However, the Swiss prosecutors conclude in this indictment that none of the PetroSaudi claims were true, as did investigators for the US Department of Justice in earlier investigations.

Misinformation was produced by Obaid and Mahony, defaming both the Justos and Sarawak Report in order to dissuade banks from reporting concerns to the regulators.

For example, the indictment details how on 29 April 2015, Tarek Obaid gave JP Morgan bank in Geneva a so-called “Technical Intelligence Report” report by a British investigations company called Neon Century.

The report claimed to show that Xavier Justo had stolen data in order to blackmail PetroSaudi, and that the documents published by Sarawak Report had been falsified. As one banker cited in the indictment described to colleagues:

“[NEON CENTURY] have concluded a 90 page report that shows that former PS employee Xavier Justo stole PS electronic files and documents. The coding shows that he altered emails and other documents (including White & Case presentations) to blackmail PS and TO for money. Xavier was paid $3MM when he departed PS in 2011 and he called in 2013 ask ing for more money. TO refused. Neon Century was also able to access the Sarawak blog and see that they received and used altered documents that were stolen from PS. TO will send the 90 page report to JPMS but stressed that this is confidential. He again stated that all of this started when the Malay opposition leader lost the election to the current PM and the opposition is looking for “dirt” to tarnish the PM”.

The indictment says that on the basis of this Neon Century report (a firm that advertises itself as providing ‘intelligence with integrity) JP Morgan concluded that the information reported in Sarawak Report, “had to be put into perspective”. As a result, the bank did not notify MROS.

In fact, the indictment confirms “the data published in the press and reviewed by NEON CENTURY in its report, corresponds to the original version found on the company’s server”. In short, Sarawak Report published accurate data which was misrepresented in the purported Neon Century report, even though it was reviewed by Neon Century.

The CEO of Neon Century is an ex cyber-expert employed for over a decade by the UK Government intelligence service GCHQ.

A former deputy director of GCHQ working for another security outfit, Protection Group International, named Brian Lord, was also hired by PetroSaudi for a similar purpose. A report by PGI was presented by Brian Lord to the Bangkok media in July 2015 likewise claiming that Sarawak Report had ‘doctored’ Justo’s ‘stolen material‘ from the PetroSaudi database.

The Swiss indictment likewise confirms every detail of the 1MDB/PetroSaudi joint venture heist as reported since 2015 by Sarawak Report, adding damning information provided by the banks who processed the money, including RBH Coutts, JP Morgan and BSI who claim they were lied to by the three main conspirators.

All three banks have faced censure for failing to issue appropriate money laundering reports.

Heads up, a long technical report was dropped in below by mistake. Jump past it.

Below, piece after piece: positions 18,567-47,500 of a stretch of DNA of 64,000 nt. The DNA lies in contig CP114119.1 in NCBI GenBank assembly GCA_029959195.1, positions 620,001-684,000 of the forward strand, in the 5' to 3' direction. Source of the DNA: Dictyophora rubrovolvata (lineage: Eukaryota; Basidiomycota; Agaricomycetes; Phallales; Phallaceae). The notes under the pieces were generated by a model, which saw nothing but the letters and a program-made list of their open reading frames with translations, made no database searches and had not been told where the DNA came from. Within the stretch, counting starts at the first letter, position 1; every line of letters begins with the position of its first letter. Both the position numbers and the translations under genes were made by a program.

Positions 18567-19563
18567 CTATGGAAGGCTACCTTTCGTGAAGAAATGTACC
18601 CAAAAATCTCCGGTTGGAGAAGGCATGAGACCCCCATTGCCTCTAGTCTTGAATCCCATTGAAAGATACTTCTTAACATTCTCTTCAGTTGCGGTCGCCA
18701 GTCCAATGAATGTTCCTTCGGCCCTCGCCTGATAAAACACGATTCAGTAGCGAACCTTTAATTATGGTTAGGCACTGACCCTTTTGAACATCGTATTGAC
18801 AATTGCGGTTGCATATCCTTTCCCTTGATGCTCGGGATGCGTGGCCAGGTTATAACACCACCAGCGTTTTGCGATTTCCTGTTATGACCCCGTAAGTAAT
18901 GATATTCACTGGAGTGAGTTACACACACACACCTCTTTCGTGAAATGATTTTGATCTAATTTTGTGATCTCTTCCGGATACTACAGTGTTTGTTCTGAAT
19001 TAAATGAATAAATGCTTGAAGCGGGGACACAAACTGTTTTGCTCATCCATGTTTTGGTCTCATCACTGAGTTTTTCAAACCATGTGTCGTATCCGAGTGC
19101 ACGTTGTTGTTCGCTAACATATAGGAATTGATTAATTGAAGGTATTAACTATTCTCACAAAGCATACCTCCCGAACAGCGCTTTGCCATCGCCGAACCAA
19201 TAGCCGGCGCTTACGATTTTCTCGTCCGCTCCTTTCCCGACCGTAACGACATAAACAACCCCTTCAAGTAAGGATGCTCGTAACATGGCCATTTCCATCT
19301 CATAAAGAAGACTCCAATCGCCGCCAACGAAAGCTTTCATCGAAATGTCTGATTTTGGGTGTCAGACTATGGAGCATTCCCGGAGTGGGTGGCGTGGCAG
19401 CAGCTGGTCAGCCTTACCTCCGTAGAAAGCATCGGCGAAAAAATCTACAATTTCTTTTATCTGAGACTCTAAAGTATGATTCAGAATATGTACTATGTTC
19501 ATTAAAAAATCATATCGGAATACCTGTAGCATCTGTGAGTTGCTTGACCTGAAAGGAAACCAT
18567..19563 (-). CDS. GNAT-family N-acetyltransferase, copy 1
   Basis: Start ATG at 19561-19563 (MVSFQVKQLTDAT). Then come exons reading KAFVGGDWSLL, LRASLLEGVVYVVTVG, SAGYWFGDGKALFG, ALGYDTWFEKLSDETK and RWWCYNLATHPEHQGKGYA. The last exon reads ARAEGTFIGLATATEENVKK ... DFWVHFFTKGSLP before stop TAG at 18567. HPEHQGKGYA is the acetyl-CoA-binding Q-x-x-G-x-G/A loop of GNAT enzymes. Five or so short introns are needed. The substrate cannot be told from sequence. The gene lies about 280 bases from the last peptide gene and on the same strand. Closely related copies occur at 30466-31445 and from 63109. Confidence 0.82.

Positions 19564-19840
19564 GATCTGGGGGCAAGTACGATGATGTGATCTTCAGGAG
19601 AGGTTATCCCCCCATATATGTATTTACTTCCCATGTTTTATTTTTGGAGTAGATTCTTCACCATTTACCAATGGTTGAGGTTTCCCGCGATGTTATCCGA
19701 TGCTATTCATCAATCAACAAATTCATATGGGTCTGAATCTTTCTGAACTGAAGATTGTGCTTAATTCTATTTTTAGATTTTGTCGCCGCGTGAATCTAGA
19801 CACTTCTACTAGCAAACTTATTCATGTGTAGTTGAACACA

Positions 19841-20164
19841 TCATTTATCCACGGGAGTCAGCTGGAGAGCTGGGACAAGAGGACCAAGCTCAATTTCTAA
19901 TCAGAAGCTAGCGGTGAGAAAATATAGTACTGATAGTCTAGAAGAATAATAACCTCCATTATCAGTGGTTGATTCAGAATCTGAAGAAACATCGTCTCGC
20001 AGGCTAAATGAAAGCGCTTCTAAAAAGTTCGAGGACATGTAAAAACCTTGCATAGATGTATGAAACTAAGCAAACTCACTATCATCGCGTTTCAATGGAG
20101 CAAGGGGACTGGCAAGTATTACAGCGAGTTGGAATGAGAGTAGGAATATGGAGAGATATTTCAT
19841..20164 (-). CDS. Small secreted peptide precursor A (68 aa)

Likewise, the former PetroSaudi COO, Rick Haythornthwaite, who was controversially appointed as the new Chairman of the major NatWest Bank in the UK this year, is also cited as having been fooled. He has given evidence against Obaid and Mahony as a prosecution witness, saying he had no knowledge of the criminal conspiracy and bogus valuations that inflated the value of PetroSaudi’s assets to support the fraudulent joint venture.

Who will show in court?

Those attending court over the coming days will be waiting on the appearances of the two alleged master criminals. Their accomplice Jho Low turned into a fugitive from western law enforcers as early as 2015.

For the past decade Obaid and Mahony have been left free to travel, conduct their business and lead luxury lives. Obaid has increasingly stayed within Switzerland (following a short incarceration in China related to questions over 1MDB) whereas Mahony has travelled widely.

Will the pair finally appear in court to plead their claim of innocence or, as some have speculated, might they have taken advantage of Swiss white collar leniency to follow the example of Jho Low?

One certain presence at this trial will be the representation from the defrauded Malaysian fund IMDB and its successor Brazen Sky Limited, set up as the custodian of Malaysia’s alleged ‘profits’ from the joint venture (which consisted of ‘promissory notes’ from the worthless PetroSaudi subsidiary that had allegedly invested the cash from the joint venture).

These have been admitted as complainants as the alleged victims in the case. The two entities have lodged civil submissions against PetroSaudi for more than $5 billion in damages.

Xavier Justo, on the other hand, was denied a claim over his treatment and false imprisonment in this case and was never granted whistleblower status by Malaysia.

Likewise, Sarawak Report which has been rewarded for its assistance in exposing the scandal and repatriating billions to Malaysia with a criminal prosecution and two year sentence passed in February for purported defamation of a public figure.

Further details on the charges and PetroSaudi trial tomorrow